How to Become a Real Estate Agent in Arizona

Learn more about the Arizona real estate license process and get exclusive offers!

Embarking on a new career as a real estate agent can be both an exciting and nerve-wracking endeavor. It helps to understand all the required steps ahead of time. To become a real estate agent in Arizona, prospective applicants should be 18 years of age. In addition, there are several other requirements for getting an Arizona real estate salesperson license.

6 Steps to Get Your Real Estate License in Arizona:

  1. Provide proof of residency in the United States to the Arizona Department of Real Estate
  2. Complete a Disciplinary Actions Disclosure
  3. Complete 90 hours of approved real estate education
  4. Obtain a fingerprint clearance card from the Arizona Department of Public Safety (DPS)
  5. Take a contract writing class
  6. Pass the Arizona Salesperson Real Estate exam

1. Complete Pre-License Education

Once you’ve confirmed you are eligible to apply for an Arizona real estate license, you must take 90 hours of pre-licensing education in-classroom or online from an Arizona Department of Real Estate (ADRE)-approved real estate school. An online real estate education program may cost between $400–$600. You'll need a pre-licensing education certificate to take the Arizona real estate exam.

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2. Obtain a Fingerprint Clearance Card

To apply for an Arizona real estate salesperson license, applicants must submit an Arizona fingerprint clearance card. The Arizona Department of Public Safety (DPS) issues Fingerprint Clearance Cards (FCC).

3. Take the Arizona Real Estate Licensing Exam

Once you meet the real estate education requirements, you can apply for the Arizona real estate licensing exam. The fee for an Arizona real estate salesperson license examination is $75. The fee for a first-time license is an additional $60. The Arizona real estate exam has two parts. One covers general real estate knowledge, while the other focuses on specific Arizona laws and regulations.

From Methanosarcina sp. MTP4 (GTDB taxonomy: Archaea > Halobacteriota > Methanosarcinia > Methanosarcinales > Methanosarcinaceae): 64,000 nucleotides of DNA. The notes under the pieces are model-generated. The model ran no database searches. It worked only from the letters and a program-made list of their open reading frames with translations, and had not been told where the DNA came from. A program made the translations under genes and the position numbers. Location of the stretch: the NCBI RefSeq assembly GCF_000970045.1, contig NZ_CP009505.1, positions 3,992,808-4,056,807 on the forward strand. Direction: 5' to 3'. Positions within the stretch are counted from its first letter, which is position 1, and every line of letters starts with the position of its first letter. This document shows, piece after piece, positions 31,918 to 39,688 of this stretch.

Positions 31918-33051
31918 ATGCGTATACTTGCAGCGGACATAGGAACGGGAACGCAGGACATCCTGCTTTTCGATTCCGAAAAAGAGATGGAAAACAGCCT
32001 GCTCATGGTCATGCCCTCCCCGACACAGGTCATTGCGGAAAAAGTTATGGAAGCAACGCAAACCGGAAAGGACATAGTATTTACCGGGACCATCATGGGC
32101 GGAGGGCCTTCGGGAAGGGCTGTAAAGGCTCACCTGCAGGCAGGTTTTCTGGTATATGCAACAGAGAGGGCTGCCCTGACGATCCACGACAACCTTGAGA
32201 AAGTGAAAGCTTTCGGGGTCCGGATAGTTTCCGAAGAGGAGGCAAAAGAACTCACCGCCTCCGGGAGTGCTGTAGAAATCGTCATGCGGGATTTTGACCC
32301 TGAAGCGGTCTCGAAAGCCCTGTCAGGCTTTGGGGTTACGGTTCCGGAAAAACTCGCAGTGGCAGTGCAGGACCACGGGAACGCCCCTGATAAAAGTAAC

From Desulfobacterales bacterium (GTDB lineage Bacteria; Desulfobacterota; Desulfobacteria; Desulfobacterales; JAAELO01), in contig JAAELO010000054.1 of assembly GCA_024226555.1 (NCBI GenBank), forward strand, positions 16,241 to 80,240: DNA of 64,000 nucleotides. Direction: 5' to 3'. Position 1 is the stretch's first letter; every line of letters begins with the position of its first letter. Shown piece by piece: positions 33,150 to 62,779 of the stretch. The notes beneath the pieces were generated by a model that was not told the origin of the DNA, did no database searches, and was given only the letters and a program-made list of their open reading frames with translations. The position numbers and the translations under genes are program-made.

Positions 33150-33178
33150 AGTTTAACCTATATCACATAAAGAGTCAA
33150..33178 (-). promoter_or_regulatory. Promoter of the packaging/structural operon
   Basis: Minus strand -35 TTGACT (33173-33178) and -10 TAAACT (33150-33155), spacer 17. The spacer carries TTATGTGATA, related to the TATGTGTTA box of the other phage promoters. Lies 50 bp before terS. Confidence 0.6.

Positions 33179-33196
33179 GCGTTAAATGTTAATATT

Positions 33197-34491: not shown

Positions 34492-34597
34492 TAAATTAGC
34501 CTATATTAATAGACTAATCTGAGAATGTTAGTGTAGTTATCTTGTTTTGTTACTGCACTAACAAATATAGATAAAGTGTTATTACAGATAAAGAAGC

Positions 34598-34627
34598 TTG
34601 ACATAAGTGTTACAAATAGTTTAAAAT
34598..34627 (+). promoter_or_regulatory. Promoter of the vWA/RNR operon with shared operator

4. Pass the Contract Writing Class

Once Arizona real estate salesperson applicants pass both the general and Arizona-specific parts of the test, they must complete a six-hour continuing education contract writing class before getting their real estate license. This teaches them how to negotiate contracts that will work in their clients' favor.

5. Work with a Designated Broker

Once newly licensed Arizona real estate agents pass both the licensing exam and the contract writing class, the next step is to work under a designated broker. Your broker will help you acclimate to being an active Arizona real estate salesperson. They can answer your questions and guide you during your first sales.

6. Submit Forms to the Arizona Department of Real Estate

Once you complete all the exam requirements, make sure you have all the forms we listed above and submit your application to the ADRE. If everything looks good, you'll have your license in no time.

7. Optional: Earn the REALTOR Designation

After completing the required education and becoming certified to practice real estate, you will need to find a local association of Realtors in your area. There are more than 25 associations in Arizona, split by location.

Your real estate firm's principals must join your local association first before agents and real estate agents can join. If you are a sole proprietor or the major shareholder of your company, you may join yourself.

The steps to join may vary by association but generally include applying and paying membership fees.

What Is the Difference Between an Arizona Real Estate Agent and A Realtor?

A real estate agent is a person certified in Arizona to help people or companies buy and sell properties. A Realtor is a real estate agent (or broker) who has joined their local chapter of the National Association of Realtors (NAR) and gained access to a wide range of resources, including training and networking.

Enjoy Your New Real Estate Career

The process of becoming an Arizona real estate salesperson is no small feat, but it will pay off with financial gains, a flexible schedule, and uncapped income potential.